While not discussing details of North Korea’s nuclear and missile tests conducted this week in violation of a United Nations resolution, Clinton noted that the international community is coming together to condemn them.
“North Korea has made a choice,” she said. “It has chosen to violate the specific language of U.N. Security Council Resolution 1718. It has ignored the international community. It has abrogated the obligations it entered into through the Six-Party Talks. And it continues to act in a provocative and belligerent manner toward its neighbors.
“There are consequences to such actions,” Clinton said, noting that the U.N. is weighing possible options.
“I’m very pleased that we have a unified international community, including China and Russia, in setting forth a very specific condemnation of North Korea and then working with us for a firm resolution going forward,” she said.
Whatever response is adopted, Clinton said, it will be imposed “with the intent to try to rein in the North Koreans and get them back into a framework where they are once again fulfilling their obligations and moving toward denuclearization of the Korean peninsula.”
The secretary of state reiterated hope that North Korea will return to the stalled process aimed at a nuclear-free Korean peninsula. Working with North Korea toward denuclearization, “will benefit, we believe, the people of North Korea, the region and the world,” she said.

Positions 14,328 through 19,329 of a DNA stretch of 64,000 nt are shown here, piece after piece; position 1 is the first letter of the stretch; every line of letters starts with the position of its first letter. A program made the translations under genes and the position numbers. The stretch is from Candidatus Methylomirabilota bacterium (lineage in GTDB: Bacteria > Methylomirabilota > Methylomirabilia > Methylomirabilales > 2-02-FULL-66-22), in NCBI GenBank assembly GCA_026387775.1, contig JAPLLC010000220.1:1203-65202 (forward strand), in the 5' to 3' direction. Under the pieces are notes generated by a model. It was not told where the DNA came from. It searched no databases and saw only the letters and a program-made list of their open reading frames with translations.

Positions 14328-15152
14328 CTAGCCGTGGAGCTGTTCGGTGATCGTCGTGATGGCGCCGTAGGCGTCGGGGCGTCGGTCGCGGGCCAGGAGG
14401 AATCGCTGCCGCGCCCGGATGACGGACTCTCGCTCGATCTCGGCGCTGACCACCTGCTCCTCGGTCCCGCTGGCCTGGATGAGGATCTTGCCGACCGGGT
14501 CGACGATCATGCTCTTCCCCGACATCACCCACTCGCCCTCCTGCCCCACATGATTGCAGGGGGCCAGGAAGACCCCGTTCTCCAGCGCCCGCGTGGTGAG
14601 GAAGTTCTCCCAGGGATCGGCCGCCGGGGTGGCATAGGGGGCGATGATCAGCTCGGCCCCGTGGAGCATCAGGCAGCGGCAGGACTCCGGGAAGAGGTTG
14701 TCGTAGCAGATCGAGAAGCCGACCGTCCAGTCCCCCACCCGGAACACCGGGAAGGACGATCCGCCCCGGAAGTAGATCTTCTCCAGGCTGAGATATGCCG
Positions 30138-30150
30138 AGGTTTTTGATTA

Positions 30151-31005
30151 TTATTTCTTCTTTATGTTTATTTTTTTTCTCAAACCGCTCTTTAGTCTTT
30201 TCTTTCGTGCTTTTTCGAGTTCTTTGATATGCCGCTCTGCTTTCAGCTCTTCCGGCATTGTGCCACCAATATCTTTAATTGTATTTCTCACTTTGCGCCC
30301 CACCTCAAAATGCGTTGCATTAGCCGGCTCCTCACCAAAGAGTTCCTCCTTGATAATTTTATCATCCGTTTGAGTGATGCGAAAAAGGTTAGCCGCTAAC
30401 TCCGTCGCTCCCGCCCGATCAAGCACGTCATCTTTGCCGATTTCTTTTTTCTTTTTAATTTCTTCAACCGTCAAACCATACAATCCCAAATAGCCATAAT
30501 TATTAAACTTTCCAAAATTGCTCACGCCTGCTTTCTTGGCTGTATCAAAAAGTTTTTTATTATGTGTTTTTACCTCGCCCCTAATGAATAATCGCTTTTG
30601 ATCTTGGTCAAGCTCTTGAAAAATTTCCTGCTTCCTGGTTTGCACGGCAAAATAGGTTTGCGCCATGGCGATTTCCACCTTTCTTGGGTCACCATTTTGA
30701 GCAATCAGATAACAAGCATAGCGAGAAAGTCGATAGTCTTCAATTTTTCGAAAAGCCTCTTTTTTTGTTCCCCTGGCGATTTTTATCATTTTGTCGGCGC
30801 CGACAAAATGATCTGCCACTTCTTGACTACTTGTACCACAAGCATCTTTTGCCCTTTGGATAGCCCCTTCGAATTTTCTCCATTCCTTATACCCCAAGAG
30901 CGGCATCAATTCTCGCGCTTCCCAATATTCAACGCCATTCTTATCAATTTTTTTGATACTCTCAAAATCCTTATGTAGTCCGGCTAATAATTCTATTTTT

Meanwhile, White House Press Secretary Robert Gibbs noted that North Korea’s actions are further isolating it from the international community. Gibbs did not specifically discuss North Korea’s reported threats against South Korean ships supporting the Proliferation Security Initiative, or North Korean allegations that in joining the PSI, South Korea had nullified the armistice agreement that’s been in effect since 1953. South Korea yesterday joined the 90 countries working together through the PSI to stem the proliferation of weapons of mass destruction.
“We are certainly concerned and take any threat seriously,” Gibbs told White House reporters today. “But my sense is that they are trying to get renewed attention through saber-rattling and blustering and threats.”
These threats won’t get North Korea the attention it wants, he said. “Their actions are continuing to further deepen their own isolation from the international community and from the rights and obligations that they themselves have agreed to live up to.”
Based on what he acknowledged to be a “rough count,” Gibbs called the latest threat “the fifth time in 15 years that they have sought to nullify the armistice governing the Korean war.”